Once I started sanding, I was shocked at the difference this step made! Our treads looked so much better after I took my orbital sander to them, and it really only took me about 30 minutes.
Here’s what they looked like before…
And here’s what they looked like after!
STEP 4: REFACE THE RISERS
If your stairs are like mine, your treads might have been in good condition, but your risers may be another story. I found my risers to be really rough with lots of splits and holes. I could have salvaged them, but it would have taken a lot of work!
Instead, I grabbed a sheet of sanded plywood and cut it down to the size of my risers. Then I used my finish nailer to install the plywood over the existing risers!
They were like new! And it took me way less time in the end.
STEP 5: PRIME & CAULK
Now it was time to prime everything! You always want to prime raw wood to seal it and get it ready for paint. I primed all my treads and risers.
Then, I caulked around all the edges to allow everything to look nice and finished!
STEP 6: PAINT!
Once the primer was dry, it was time to paint! I used Pure White by Sherwin Williams to paint my trim and risers. And I used Gatherings by Magnolia to paint the treads! I used 2 coats for each and simply hand brushed and rolled them! Easy enough!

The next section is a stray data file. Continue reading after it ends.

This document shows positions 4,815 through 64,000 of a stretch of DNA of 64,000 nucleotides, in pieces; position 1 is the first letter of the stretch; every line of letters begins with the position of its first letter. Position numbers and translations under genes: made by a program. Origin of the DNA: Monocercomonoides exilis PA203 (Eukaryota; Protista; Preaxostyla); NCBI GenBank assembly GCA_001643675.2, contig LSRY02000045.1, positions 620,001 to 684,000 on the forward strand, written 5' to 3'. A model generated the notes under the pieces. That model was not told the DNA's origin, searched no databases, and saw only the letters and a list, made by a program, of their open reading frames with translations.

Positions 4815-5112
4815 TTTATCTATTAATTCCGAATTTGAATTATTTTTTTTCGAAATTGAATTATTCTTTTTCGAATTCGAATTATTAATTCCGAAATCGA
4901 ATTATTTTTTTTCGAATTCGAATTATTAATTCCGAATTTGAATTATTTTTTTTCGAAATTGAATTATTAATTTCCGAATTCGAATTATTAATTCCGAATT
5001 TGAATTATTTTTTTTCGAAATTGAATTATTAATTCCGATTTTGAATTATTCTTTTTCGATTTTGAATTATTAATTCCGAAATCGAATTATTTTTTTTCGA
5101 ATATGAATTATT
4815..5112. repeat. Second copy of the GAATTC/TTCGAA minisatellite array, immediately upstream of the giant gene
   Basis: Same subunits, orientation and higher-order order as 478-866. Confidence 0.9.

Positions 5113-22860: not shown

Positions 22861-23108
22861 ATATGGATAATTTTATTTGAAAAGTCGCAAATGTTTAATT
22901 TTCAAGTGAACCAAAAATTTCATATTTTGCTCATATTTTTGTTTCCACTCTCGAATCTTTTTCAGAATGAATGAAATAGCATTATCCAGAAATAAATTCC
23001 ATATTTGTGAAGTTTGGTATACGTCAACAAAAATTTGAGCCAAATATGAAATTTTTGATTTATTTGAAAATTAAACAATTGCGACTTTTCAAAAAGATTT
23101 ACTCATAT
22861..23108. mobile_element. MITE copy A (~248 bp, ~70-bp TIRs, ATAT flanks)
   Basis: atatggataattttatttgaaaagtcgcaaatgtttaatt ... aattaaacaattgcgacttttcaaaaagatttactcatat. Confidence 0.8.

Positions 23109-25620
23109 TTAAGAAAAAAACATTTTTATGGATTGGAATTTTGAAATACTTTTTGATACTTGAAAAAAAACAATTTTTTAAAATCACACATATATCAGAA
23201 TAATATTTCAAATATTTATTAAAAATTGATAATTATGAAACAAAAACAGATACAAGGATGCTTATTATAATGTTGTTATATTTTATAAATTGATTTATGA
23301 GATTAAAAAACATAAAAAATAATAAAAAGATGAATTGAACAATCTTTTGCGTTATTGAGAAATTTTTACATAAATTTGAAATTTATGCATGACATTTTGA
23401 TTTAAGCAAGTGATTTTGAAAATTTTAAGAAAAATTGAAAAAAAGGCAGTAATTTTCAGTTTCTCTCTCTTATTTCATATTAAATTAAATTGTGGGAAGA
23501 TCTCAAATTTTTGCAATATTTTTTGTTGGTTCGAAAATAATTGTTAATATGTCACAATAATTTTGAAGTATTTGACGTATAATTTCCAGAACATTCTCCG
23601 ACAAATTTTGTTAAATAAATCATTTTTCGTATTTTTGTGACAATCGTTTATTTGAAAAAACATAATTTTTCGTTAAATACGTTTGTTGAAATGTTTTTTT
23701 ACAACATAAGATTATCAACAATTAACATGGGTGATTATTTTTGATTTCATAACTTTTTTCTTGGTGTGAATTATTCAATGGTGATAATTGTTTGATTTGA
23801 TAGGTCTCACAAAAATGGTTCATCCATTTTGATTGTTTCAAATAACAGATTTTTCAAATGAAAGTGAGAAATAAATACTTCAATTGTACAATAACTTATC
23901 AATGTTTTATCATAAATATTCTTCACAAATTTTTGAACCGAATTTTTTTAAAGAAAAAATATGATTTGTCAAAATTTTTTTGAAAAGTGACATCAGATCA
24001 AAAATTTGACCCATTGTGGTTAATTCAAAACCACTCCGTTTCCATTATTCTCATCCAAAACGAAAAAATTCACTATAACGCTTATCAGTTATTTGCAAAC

STEP 7: SEAL THOSE STEPS
I didn’t use floor paint for my treads, so I needed to make sure to seal them well! I used a polyurethane in a matte finish and applied 2 total coats. I loved how they looked, but the were a little slippery – beware!
I sanded down the poly a little bit to add some traction, but if you’re concerned about slipping, look for a slip grip additive or check out these anti-slip products that can be used on floors!
STEP 8: STEP BACK AND ADMIRE THOSE STEPS!
Honestly this project really wasn’t too difficult! It was just a lot of work. And I would 100% do it again in a heartbeat!
BONUS STEP: BEADBOARD LANDING
This is totally a bonus step because every staircase is different! We had a large landing between 2 half flights of stairs which was also carpeted.
I needed to come up with a solution for it once the carpet was off, but wanted to keep costs at a minimum. Therefore, we decided to use beadboard!
I simply cut it to size, installed it on top of the subfloor on our landing, and used quarter-round trim around all the edges for a nice, clean finish! I caulked where the boards met then painted and sealed them!
I then used some stair nosing (linked in the supply list above) to cover the beadboard edge at the top of the first half flight of stairs. I simply found nosing that fit our existing tread shape perfectly, cut it down, secured it into place, and painted it to match the treads!
And that was it!
I have to say, for something so unconventional, I absolutely love the look! I don’t know how well it’ll hold up over time or how hard it will be to keep clean, but I’ll be sure to keep you posted!
And that’s it! Any questions? Drop them in the comments below!